After more than 30 years of operation, Lincoln Interiors in Virgil is closing its doors.
“It’s bittersweet,” says Petra Wiens-Browning.
The decision follows a plan she and her husband made — to retire early enough to enjoy time with their children.
Unfortunately Mark didn’t stick with the plan — he was a victim of terminal cancer four and a half years ago.
“The decision to close the store was hard to make,” says Wiens-Browning. “I love this business, I love the customers, the suppliers, the networking. But my family needs me.”
Wiens-Browning has two children, 10 and 12 years old, and aging parents who live with her. “My dad has dementia, so he needs full-time care,” she explains.
Her father is Siegfried Wiens, a rather prominent business owner in Niagara. He started Peninsula Upholstery and Flooring in 1963, and then doubled his empire when he purchased Lincoln Interiors from Henry Wiens in 1978. Henry Wiens (no relation) subsequently used that money to invest in the Prince of Wales Hotel.
Wiens-Browning was groomed to run Lincoln Interiors. She started working in the Virgil store after school and weekends in her teens, and then went away to university at Wilfred Laurier. When she graduated with a degree in business administration, she had her choice of jobs at large companies such as IBM and GM. Her parents would support any decision she made but, “They suggested I just try the store for a little while — and I never left. I’m so glad I made this choice: this is the best community to live and work in.”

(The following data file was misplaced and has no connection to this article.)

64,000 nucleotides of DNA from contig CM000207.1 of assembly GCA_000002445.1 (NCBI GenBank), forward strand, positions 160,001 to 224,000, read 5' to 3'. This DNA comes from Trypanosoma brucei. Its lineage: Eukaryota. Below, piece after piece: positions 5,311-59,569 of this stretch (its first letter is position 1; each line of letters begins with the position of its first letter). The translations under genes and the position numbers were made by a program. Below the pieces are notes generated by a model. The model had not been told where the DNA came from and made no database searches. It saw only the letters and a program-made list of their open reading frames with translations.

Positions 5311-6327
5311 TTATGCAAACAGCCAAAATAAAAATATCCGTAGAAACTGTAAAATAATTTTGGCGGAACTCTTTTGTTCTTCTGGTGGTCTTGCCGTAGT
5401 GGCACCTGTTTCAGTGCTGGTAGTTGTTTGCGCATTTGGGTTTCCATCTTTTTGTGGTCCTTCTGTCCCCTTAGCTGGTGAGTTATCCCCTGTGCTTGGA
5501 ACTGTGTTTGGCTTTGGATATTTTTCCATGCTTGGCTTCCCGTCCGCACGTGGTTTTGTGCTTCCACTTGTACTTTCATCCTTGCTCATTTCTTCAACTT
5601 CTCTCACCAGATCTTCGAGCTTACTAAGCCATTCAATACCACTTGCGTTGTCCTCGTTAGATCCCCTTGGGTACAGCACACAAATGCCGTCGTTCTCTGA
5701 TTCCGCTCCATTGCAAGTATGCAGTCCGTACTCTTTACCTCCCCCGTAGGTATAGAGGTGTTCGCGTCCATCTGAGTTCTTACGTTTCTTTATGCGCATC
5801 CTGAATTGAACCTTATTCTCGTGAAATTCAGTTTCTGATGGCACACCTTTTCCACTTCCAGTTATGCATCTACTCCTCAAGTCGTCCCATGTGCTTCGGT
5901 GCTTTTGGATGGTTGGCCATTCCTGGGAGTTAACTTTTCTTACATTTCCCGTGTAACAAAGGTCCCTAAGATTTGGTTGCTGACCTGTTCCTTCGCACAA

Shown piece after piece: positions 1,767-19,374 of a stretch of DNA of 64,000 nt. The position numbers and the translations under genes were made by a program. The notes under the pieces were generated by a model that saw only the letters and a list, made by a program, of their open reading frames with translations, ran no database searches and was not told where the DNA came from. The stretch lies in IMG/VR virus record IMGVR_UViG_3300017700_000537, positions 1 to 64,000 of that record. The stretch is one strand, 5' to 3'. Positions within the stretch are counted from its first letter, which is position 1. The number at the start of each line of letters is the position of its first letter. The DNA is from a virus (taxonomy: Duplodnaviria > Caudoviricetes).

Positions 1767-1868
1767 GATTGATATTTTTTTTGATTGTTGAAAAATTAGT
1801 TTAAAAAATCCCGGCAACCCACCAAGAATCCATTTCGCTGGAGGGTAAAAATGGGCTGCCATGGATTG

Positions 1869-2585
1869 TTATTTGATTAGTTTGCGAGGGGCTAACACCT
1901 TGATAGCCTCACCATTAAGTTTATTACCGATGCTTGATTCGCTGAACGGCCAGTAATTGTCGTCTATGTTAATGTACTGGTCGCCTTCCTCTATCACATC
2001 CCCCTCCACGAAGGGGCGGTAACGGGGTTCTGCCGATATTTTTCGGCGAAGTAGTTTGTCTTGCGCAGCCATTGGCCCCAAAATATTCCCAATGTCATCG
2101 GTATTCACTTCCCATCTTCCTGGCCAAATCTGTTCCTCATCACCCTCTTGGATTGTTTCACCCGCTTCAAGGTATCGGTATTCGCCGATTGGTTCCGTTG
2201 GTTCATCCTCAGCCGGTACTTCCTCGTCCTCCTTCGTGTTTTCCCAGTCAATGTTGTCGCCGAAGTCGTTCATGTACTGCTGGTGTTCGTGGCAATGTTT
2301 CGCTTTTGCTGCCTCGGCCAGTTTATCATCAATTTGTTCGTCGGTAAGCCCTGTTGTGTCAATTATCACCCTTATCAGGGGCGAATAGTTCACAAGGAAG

The goal is to sell off all of the store’s inventory in a big closing sale, starting Friday, Sept. 21. The sale will go on as long as there is furniture to sell — Wiens-Browning hopes to be closing the store completely before December. However there is a lot of inventory. “We’ll be emptying our warehouse as well. It’s on one of the properties being considered for the medical centre, so we may need to clear it out sooner rather than later.”
Wiens-Browning plans to lease out the building when the current business closes, but is in no hurry and hasn’t yet begun that process. “I don’t want to be rushed out of the building,” she says. The plan is to keep the doors open for as long as there are items to sell, and then take a step back and assess what her next steps might be.
“It might be fun to work two or three days a week — but not right away. Right now my parents and kids need me — and I’m happy to take it easier for a while.”